Happy Earth Day

Abandoned Strip Mine in Southeastern Ohio

Earth Day 1969

This photo took up nearly the whole front page of The Athens Messenger on Earth Day One.

The earth had been raped, plundered, looted

I had been working on a series of picture pages about fire spotters. I had already taken pictures from the ground and from fire towers, but this day I was given a chance to fly in a small plane with a spotter looking for forest fires.

It was getting late in the afternoon and we were just about to head home when we flew over one of the scourges of nature: a strip mine abandoned after all of the coal had been hauled off.

The law said that these mines had to be reclaimed after work stopped. Someone told me – and I don’t know if it’s true – that some mining companies would leave a sacrificial dragline or bulldozer on the site so they could claim it was still an active mine. The value of an old, worn-out piece of equipment was far less than the reclamation cost.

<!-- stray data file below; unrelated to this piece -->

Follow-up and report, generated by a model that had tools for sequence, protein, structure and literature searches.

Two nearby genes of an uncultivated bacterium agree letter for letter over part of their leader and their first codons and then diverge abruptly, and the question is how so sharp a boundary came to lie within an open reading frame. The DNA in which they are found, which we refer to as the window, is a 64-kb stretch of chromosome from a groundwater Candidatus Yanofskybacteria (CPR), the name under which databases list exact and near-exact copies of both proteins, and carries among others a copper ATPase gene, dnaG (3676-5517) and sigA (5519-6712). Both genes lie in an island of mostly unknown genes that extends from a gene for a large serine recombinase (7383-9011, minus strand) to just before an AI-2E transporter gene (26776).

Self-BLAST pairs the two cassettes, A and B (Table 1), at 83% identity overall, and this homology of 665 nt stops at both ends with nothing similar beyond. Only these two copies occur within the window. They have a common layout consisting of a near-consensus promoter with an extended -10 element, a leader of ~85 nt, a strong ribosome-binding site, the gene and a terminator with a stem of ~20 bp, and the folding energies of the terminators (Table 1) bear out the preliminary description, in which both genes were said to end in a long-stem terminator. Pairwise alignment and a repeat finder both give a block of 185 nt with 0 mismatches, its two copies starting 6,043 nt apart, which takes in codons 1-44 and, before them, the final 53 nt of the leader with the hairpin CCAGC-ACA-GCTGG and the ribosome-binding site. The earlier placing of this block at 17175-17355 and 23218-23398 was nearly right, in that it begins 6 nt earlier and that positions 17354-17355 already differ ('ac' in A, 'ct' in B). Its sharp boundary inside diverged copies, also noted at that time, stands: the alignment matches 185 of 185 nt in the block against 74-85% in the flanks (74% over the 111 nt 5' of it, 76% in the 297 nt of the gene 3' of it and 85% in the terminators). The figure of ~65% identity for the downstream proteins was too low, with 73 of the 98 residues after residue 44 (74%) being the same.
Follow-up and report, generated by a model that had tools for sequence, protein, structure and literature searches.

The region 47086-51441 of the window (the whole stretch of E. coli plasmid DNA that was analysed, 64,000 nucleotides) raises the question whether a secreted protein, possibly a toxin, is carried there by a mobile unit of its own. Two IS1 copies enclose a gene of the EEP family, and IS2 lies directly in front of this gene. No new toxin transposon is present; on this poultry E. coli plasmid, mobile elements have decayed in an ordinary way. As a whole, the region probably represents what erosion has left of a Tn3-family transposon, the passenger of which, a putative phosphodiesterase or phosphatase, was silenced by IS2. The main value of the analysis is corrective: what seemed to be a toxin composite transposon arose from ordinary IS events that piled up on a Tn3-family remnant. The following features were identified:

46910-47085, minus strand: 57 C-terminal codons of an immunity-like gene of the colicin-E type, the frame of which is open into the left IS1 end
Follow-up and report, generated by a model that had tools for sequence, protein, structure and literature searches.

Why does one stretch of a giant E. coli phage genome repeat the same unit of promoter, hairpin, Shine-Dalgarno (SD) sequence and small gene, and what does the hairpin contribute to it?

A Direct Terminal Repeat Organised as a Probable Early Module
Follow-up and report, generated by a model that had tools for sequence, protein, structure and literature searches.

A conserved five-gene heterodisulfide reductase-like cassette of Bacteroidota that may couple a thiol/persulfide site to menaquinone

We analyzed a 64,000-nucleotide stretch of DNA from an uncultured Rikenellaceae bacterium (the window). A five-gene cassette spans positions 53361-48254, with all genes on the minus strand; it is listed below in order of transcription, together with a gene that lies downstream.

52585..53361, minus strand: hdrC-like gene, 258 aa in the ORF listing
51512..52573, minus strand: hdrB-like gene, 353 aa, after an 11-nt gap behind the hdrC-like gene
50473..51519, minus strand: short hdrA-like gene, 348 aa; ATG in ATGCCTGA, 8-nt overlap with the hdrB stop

I can’t remember what I’ve shot

Many, if not most, good photographers can tell you everything about their pictures as soon as they shoot them. For some strange reason, as soon as I’ve pushed the shutter release, my memory of the picture is wiped as clean as the next blank frame.

I generally had so little memory of what I had shot that I would take a picture of my shoes at the start of every roll when I was covering a sporting event so I could easily spot my rolls.

I knew this was a good one

This picture was an exception. As soon as I pressed the button, I couldn’t wait to see if the image on the film was as good as the one I saw in my mind.

The curving road at the top, the dramatic late-afternoon side lighting, the strong diagonal lines leading your eye right to a power line pole that looked like a cross all came together better than I could have hoped.

I wasn’t disappointed. And neither was the editor, who elected to lead the paper with it on Earth Day.

It’s still on my top 10 list of favorite pictures.

Happy Earth Day. Hop on your bike. Leave a better Earth for your kids.

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